Based on this paper: https://arxiv.org/pdf/1502.03167.pdf
📌 Note: if you see an asterisk next to an italicized phrase, that means more info can be found in the appendix at the bottom of the article.
😕 The Problem
Internal covariate shift: The change in the distribution of network activations due to the change in network parameters during training
- Requires lower learning rates and careful parameter initialization, resulting in slower training
- Makes it hard to train models with saturating nonlinearities*
Matryoshka dolls are nested figurines, which get smaller and less ornate as you remove each layer. We can imagine a deep neural network like these dolls. That is to say, let’s think of the second through Nth layers as a smaller, less complex neural network nested inside the outermost one. Then the third through Nth layers would be another neural network within the former! And so on. With this view in mind, we can form an intuitive understanding of the problem.
Picture a deep neural network in training as a set of matryoshka dolls. The data starts at the “outermost network (doll)”, where changes caused by the layer parameters could potentially result in a different distribution of data. This is the key dilemma! Each nested network applies its own changes to the data, which can create a wildly different distribution of inputs by the time data reaches the “innermost network”. This makes the training process very inefficient because the nested networks may not have matching distributions of input and test data.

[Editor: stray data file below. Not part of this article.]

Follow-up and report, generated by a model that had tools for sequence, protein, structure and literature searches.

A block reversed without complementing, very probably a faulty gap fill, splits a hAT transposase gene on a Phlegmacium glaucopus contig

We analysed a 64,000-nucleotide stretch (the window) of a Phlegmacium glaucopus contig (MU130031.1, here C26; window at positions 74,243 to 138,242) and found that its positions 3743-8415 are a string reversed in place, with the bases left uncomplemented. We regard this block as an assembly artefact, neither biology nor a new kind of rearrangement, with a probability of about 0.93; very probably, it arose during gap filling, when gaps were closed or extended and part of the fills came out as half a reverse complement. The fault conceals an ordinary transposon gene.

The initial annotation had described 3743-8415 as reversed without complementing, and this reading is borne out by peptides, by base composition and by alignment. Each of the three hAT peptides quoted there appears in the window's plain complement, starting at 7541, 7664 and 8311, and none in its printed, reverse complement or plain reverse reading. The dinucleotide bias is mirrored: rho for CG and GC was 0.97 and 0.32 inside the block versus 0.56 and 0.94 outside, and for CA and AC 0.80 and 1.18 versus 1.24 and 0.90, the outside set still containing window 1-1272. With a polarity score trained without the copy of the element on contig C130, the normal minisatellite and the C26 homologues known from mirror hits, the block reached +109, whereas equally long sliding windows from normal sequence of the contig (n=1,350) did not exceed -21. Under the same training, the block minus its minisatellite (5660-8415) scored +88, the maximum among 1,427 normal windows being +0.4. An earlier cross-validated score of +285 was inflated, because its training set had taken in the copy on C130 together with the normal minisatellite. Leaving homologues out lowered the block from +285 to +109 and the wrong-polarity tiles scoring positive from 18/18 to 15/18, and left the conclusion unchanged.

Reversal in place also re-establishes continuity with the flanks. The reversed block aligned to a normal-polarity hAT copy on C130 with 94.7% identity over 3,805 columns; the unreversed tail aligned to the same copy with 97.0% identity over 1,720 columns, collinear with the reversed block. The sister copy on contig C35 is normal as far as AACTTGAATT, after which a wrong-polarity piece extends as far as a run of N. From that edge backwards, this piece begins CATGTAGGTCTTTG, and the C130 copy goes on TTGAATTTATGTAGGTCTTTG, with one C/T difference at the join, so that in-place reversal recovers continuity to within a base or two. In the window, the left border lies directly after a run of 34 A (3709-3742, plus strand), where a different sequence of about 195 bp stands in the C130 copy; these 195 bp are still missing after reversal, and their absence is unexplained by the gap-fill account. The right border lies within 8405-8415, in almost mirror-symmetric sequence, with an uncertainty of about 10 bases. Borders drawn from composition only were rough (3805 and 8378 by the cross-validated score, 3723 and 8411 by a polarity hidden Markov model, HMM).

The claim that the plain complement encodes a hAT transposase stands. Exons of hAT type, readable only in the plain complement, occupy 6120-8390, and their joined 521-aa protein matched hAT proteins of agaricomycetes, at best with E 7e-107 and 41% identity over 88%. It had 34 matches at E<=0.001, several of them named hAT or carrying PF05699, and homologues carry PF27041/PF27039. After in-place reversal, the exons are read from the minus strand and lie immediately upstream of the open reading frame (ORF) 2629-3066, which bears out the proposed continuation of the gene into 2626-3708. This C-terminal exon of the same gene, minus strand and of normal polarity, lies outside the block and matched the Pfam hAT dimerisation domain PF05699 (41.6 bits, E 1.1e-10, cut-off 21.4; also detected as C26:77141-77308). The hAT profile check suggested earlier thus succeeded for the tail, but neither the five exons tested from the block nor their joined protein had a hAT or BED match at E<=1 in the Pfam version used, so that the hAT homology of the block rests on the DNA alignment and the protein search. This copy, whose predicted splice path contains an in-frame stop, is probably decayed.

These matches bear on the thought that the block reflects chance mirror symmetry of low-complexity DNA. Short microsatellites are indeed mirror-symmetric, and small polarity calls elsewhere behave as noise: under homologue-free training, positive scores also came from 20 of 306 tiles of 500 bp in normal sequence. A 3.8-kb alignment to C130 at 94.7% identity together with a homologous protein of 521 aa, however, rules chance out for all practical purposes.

💡 The Solution(s)
Batch normalization: A mechanism to reduce internal covariate shift by adding a step to training that normalizes (i.e. fixes the means and variances of) layer inputs
- Reduces dependence of gradients on the scale of the parameters or of their initial values
- Makes it possible to use saturating nonlinearities
- Allows for higher learning rates without risk of divergence
- Reduces the need for dropout
Whitening the Inputs
One method to get around internal covariate shift is whitening the inputs, which means linearly transforming them to have zero means and unit variances*, and decorrelated. However, whitening layer inputs is computationally expensive and not everywhere differentiable, the latter of which is problematic for backpropagation, which relies on taking derivatives to calculate the changes to layer parameters.
Normalization via Mini-Batch Statistics
The authors of the linked paper make two simplifications:
- Instead of whitening the features in layer inputs and outputs jointly, they normalized each scalar feature independently, taking care to ensure that the transformation inserted in the network can represent the identity transform.